A while back I chose Ellen Johnson Sirleaf's memoir as my choice for Liberia. I'd rather read novels, though, so when Wayetu Moore's debut novel popped up in the library, I decided to add it to my reading list.
Wayetu Moore was born in Monrovia, Liberia in 1985. When she was four years old, civil war broke out. At the time, her mother was studying in America. Her father fled with her and her sisters and hid in a village for six months before her mother was able to send someone to get them across the border. She now lives in America where she teaches at the City University of New York.
She Would be King is a retelling of Liberia's origins which incorporates magical and supernatural elements. It has been described as magical realism, however the author has explained that she is not attempting to fit it into this genre, but is using elements that are traditional to African story telling. It centres round three people who have supernatural powers. Gbessa is born into the Vai tribe, and is considered cursed and a witch because she was born on the day that an old woman died after beating her cat (cats were revered in the Vai culture). Gbessa has startling red hair, and an inability to die, although she feels pain.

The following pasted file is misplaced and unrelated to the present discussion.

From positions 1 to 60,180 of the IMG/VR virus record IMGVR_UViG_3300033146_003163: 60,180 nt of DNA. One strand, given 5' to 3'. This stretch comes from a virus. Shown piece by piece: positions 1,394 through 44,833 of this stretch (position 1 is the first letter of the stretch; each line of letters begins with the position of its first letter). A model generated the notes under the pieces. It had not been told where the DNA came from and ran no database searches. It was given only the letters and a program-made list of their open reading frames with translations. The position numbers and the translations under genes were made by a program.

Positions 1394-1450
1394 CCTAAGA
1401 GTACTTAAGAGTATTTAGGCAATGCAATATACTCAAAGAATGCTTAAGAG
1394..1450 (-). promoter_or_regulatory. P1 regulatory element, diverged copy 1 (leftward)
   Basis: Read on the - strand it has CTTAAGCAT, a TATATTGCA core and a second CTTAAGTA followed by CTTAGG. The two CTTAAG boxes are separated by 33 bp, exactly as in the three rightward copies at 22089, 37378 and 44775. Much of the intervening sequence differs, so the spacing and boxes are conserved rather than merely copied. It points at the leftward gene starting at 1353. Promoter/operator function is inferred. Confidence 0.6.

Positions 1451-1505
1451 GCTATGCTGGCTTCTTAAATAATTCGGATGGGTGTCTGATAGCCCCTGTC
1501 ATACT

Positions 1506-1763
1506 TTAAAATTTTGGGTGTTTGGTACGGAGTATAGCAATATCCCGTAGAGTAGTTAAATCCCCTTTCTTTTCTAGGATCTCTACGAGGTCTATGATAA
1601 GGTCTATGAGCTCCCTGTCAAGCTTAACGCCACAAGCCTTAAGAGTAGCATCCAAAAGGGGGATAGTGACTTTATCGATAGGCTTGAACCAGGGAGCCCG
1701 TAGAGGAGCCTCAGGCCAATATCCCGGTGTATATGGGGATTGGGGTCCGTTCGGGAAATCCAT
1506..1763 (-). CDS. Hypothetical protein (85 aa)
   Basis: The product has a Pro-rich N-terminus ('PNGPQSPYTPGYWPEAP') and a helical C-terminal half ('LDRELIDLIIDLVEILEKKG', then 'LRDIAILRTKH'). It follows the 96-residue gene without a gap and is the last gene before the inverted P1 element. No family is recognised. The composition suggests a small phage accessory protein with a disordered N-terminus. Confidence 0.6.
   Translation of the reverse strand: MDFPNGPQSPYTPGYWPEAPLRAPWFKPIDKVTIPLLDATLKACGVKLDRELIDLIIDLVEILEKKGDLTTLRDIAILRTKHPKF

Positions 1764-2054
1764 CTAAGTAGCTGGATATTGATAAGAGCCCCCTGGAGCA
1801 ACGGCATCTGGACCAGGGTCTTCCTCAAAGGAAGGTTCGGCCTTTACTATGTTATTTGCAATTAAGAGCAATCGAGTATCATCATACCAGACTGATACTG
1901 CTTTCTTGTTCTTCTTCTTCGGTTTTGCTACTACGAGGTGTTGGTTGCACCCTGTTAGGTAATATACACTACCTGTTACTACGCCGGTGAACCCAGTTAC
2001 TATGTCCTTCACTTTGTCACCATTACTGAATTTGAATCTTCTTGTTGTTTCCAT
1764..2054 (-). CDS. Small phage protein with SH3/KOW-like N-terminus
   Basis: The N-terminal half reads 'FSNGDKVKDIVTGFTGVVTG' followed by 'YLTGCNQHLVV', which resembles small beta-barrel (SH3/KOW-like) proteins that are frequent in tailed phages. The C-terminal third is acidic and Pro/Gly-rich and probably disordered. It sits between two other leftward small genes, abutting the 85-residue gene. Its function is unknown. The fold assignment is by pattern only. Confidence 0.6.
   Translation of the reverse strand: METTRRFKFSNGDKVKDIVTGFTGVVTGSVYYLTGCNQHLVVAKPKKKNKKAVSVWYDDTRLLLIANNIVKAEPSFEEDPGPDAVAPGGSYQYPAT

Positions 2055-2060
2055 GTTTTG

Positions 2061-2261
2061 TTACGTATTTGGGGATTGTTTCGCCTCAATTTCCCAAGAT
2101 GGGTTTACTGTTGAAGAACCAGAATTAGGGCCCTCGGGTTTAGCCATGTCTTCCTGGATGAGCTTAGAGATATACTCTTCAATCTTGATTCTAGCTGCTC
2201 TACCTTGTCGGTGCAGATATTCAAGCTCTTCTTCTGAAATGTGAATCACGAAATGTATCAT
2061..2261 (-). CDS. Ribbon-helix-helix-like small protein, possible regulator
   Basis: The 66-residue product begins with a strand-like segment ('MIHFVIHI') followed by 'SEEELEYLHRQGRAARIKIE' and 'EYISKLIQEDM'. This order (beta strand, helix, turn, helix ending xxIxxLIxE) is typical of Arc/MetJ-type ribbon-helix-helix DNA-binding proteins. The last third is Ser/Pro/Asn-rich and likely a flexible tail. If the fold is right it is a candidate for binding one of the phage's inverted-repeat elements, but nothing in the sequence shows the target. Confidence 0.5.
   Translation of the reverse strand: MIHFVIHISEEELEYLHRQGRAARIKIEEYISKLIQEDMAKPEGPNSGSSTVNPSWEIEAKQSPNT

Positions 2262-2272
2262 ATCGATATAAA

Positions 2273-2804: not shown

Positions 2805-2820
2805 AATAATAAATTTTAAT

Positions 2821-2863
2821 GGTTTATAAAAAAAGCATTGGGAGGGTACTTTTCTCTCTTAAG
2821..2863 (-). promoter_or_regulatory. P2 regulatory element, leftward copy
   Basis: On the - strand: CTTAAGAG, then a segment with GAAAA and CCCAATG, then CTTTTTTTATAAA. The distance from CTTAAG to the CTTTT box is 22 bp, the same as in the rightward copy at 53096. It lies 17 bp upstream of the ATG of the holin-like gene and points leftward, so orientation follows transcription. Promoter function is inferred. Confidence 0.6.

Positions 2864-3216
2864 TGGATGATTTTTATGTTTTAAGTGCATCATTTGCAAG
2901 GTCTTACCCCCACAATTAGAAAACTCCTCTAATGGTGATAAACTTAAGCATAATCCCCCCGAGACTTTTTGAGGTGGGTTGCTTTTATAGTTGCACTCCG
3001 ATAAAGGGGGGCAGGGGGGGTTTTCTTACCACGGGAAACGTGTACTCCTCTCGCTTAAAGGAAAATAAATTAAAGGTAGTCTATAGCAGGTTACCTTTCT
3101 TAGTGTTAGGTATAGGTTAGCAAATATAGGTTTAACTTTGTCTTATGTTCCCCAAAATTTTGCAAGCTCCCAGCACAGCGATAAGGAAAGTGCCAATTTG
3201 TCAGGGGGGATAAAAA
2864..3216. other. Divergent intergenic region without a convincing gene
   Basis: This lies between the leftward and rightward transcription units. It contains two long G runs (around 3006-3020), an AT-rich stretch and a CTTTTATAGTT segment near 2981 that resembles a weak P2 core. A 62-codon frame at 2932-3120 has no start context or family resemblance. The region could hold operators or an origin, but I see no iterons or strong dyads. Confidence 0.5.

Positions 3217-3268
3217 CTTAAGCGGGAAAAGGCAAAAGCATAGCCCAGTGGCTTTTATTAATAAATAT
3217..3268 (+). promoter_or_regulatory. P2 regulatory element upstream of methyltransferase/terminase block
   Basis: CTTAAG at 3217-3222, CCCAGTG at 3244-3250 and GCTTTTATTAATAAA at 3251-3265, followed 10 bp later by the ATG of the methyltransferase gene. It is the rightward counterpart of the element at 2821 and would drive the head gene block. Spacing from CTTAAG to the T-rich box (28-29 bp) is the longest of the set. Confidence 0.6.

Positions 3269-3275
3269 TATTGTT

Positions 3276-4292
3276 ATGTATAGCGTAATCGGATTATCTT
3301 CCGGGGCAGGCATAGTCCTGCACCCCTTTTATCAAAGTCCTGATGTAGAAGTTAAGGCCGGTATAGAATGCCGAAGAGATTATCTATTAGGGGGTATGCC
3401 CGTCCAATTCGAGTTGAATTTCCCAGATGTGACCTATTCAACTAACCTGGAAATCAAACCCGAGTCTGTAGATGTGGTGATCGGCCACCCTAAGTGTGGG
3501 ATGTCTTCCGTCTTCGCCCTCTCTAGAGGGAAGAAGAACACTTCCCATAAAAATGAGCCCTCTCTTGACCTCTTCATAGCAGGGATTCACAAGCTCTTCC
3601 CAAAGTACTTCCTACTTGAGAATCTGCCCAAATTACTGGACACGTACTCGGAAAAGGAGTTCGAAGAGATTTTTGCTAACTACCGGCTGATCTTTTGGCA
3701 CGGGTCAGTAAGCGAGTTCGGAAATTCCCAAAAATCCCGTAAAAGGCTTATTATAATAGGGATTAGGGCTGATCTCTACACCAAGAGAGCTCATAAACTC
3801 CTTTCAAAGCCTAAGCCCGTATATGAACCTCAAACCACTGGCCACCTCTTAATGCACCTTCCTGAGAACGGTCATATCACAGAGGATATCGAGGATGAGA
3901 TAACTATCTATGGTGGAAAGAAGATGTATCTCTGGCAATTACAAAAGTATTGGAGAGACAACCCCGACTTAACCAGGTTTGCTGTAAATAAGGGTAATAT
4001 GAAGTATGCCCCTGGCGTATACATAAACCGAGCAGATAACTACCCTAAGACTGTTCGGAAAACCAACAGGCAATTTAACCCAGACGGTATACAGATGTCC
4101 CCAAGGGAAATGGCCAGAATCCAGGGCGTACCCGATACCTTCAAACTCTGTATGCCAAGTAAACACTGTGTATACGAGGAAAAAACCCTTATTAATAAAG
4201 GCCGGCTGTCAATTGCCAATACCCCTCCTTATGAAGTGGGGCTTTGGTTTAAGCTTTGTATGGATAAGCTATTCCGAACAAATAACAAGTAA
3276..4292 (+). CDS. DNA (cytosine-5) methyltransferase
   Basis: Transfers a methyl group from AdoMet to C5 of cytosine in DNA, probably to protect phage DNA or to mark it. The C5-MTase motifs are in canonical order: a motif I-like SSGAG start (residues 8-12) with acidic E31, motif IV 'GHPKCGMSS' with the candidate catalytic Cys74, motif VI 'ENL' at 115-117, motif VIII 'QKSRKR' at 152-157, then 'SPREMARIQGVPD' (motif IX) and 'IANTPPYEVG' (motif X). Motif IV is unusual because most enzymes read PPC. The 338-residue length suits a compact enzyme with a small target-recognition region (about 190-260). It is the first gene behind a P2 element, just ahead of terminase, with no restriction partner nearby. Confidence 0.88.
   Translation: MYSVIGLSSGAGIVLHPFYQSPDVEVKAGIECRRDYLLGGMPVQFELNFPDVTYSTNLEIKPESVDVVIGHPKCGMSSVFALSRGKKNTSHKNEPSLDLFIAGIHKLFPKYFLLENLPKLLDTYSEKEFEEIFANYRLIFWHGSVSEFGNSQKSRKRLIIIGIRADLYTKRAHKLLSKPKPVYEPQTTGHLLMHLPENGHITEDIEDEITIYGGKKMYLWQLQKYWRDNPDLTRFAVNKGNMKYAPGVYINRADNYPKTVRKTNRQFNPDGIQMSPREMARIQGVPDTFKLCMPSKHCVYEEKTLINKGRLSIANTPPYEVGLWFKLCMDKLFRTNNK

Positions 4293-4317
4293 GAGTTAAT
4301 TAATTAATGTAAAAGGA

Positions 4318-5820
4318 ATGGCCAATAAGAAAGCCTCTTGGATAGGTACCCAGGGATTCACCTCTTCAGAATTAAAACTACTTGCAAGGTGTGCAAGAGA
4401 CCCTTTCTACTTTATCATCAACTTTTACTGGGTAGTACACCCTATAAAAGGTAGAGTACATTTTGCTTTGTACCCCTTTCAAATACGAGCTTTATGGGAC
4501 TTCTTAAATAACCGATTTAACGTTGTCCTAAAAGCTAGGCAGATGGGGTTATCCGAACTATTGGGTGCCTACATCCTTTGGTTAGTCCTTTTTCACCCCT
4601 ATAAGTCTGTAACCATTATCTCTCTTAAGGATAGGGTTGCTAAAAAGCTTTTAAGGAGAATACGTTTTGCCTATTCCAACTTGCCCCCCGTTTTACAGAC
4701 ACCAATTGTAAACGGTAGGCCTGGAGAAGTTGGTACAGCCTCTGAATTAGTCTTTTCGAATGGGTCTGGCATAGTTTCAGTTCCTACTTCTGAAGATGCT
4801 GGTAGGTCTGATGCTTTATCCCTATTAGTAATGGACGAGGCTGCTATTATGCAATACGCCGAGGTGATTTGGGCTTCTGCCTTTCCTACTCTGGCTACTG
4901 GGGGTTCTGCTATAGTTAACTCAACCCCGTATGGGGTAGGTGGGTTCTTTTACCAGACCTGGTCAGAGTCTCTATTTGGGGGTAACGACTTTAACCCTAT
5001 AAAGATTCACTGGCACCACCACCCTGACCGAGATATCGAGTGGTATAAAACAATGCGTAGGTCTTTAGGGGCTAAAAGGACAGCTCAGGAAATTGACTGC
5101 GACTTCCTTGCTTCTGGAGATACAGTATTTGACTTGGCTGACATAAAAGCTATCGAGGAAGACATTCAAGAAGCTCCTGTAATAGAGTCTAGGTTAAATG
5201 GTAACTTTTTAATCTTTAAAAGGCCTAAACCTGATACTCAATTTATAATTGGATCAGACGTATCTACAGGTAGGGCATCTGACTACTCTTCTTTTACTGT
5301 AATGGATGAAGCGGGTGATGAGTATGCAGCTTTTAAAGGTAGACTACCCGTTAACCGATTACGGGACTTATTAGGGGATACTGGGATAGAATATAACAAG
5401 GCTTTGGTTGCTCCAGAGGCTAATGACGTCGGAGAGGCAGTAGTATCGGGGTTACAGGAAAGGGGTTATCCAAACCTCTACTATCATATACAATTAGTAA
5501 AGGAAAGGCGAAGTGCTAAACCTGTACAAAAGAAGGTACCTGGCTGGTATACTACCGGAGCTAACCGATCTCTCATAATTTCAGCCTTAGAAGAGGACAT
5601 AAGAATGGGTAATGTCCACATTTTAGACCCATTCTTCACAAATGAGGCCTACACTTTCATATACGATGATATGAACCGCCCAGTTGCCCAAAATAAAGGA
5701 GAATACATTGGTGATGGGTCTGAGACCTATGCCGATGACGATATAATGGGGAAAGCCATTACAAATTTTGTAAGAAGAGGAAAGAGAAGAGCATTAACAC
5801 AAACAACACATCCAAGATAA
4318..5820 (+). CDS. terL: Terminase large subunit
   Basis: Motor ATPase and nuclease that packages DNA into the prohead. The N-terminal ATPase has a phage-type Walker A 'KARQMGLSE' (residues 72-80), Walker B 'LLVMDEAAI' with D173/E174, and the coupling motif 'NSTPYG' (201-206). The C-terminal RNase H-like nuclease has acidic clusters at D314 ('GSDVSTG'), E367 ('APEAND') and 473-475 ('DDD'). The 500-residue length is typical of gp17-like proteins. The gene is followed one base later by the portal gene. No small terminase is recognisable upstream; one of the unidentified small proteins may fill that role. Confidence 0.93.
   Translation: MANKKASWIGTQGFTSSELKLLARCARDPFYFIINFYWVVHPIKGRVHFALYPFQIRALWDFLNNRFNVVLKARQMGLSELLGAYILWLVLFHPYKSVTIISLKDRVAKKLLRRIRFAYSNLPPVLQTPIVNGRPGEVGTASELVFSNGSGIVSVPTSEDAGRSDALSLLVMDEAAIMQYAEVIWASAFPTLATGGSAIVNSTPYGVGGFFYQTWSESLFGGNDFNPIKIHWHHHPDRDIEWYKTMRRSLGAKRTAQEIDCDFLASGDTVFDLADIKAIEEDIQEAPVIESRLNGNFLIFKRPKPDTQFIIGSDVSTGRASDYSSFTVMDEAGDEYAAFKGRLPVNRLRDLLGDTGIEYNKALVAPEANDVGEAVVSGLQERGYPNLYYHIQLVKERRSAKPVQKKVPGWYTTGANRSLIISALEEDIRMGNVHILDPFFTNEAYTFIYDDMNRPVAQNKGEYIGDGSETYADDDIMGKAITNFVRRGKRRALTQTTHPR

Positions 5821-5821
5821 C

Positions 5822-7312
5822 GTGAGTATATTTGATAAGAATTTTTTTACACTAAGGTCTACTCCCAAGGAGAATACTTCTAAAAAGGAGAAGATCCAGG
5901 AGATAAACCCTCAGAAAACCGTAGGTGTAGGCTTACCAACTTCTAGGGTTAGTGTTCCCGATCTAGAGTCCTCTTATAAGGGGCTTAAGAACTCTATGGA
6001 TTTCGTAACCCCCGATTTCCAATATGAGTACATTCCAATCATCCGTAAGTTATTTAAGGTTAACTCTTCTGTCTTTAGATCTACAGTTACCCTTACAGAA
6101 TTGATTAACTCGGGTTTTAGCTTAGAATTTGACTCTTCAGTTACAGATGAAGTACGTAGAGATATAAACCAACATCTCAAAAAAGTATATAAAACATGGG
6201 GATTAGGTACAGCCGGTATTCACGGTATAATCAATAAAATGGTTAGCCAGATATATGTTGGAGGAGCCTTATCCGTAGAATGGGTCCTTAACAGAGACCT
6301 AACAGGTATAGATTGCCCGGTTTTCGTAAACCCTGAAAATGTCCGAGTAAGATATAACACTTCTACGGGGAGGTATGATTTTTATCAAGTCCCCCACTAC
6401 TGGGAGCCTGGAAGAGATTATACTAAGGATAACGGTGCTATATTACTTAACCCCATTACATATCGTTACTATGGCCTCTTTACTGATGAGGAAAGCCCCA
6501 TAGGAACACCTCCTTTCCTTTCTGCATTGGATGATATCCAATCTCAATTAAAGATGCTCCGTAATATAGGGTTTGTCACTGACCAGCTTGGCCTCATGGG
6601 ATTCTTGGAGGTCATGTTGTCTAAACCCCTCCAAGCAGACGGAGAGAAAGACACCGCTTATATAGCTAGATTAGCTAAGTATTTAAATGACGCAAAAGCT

Norman Aragon was born in Jamaica to an English father and a Maroon mother. He has the ability to become invisible. He escapes from his English father, and travels to Liberia, where he has heard there is a new colony for former slaves.
June Day is born on a southern plantation to a mother who is a ghost, a dead slave woman who does not know that she is dead. June has supernatural strength, a power which includes the ability to repel bullets and other wounds. He boards a ship for New York, but mistakenly ends up in Liberia.
Norman and June team up to rescue villagers from the predations of the slavers who still terrorize Africa, although slavery has been outlawed in the United States. They meet up with Gbessa, but she is carried off and then abandoned for dead by French slavers. She is rescued and taken into the household of an American settler in Monrovia, where she rises in society, marries and becomes a farmer's wife. Eventually, however, she meets up with Norman and June once more, as the colony is threatened by the outsiders who are still marauding and taking captives, seeing no difference between the villagers of the hinterland and the freed slaves who have settled on the coast.
This is a many layered novel with a powerful and interesting story line. I did feel the telling was a little stilted in places although I could not quite put my finger on why. And in places, the meeting and re-meeting of the three protagonists felt a little contrived. But overall, it is an original and powerful story, and an interesting take on the origins of Liberia.
The edition I read was published in the US by Graywolf Press in 2018. The book was also published in the UK by Pushkin Press in May 2019.